‘Riveting’ coverage of Alaska policing wins Pulitzer Prize
NEW YORK — The Anchorage Daily News and ProPublica won the Pulitzer Prize in public service Monday for illuminating the sparse policing of remote Alaskan villages, as a delayed awards ceremony recognized writing, photos and — for the first time — audio reporting on topics ranging from climate change to the legacy of slavery.
The public service winners contacted 600 village, tribal and other local governments and traveled by plane, sled and snowmobile to reveal that a third of rural Alaska communities had no local police protection, among other findings.
The “riveting” series spurred legislative changes and an influx of spending, the judges noted in an announcement postponed several weeks and held online because of the coronavirus pandemic.
“We’re humbled by the recognition, but the stories put a bright light on serious problems in Alaska that have needed attention for a long time,” Daily News Editor David Hulen said. “In some ways, we’re just getting started.”
The New York Times won the investigative reporting prize for an expose of predatory lending in the New York City taxi industry and also took the international reporting award for what the judges called “enthralling stories, reported at great risk,” about Russian President Vladimir Putin’s government.
The Times also was awarded the commentary prize for an essay that Nikole Hannah-Jones wrote as part of the paper’s ambitious 1619 Project, which followed the throughlines of slavery in American life to this day.
Times Executive Editor Dean Baquet told the staff — in a virtual meeting — that this year’s prizes were “particularly meaningful because they come as we are managing our lives under great difficulty even as we produce great journalism.”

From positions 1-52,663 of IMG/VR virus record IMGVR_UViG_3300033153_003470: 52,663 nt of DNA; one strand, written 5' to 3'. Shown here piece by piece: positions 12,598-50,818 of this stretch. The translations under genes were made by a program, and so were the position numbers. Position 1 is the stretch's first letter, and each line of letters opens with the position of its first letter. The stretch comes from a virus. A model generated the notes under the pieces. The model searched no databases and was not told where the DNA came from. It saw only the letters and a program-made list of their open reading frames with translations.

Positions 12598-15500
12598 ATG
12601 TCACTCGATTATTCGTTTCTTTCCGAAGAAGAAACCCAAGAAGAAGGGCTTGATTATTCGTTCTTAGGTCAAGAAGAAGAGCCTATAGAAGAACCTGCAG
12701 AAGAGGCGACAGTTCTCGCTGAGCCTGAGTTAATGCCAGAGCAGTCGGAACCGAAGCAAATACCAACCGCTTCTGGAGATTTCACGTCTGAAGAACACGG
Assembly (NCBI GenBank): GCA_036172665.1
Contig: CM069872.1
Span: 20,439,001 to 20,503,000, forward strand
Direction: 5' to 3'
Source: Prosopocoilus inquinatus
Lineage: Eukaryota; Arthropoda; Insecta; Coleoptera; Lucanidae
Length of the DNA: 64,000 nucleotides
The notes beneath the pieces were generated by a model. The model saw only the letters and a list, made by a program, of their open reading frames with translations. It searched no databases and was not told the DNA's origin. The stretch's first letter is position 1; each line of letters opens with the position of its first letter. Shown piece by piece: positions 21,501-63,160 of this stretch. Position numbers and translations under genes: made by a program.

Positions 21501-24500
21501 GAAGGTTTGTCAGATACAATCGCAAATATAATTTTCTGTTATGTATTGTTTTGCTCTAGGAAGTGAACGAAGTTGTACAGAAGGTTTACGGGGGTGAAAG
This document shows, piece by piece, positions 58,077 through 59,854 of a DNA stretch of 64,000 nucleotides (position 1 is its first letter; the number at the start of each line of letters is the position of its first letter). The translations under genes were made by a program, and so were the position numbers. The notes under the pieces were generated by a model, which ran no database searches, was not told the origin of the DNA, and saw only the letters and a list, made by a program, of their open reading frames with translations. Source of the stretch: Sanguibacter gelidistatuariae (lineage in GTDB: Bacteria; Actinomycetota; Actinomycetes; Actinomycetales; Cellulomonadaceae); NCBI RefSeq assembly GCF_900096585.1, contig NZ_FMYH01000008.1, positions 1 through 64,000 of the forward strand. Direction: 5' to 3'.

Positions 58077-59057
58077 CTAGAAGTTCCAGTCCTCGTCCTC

The Washington Post’s work on global warming was recognized for explanatory reporting. The newspaper tracked nearly 170 years of temperature records to show that 10% of the planet’s surface has already exceeded a rise of 2 degrees Celsius (3.6 Fahrenheit) over pre-industrial times, the threshold world leaders have agreed they’d try not to exceed.
In a development that recognized how podcasting has brought new attention to reporting aimed at listeners rather than readers or viewers, a first-ever award for audio reporting went to “This American Life,” the Los Angeles Times and Vice News for “The Out Crowd,” an examination of the Trump administration’s “remain in Mexico” immigration policy.
In another prize for the Los Angeles Times, Christopher Knight won the criticism award for what the judges called “extraordinary community service by a critic” in examining a proposal to overhaul of the L.A. County Museum of Art.
The staff of The Courier-Journal of Louisville, Kentucky, took the breaking news reporting award for unpacking racial disparities and other issues in a spate of governor’s pardons.
Two different projects won the national reporting award: ProPublica’s look at deadly accidents in the U.S. Navy and The Seattle Times’ examination of design flaws in the troubled Boeing 737 MAX jet.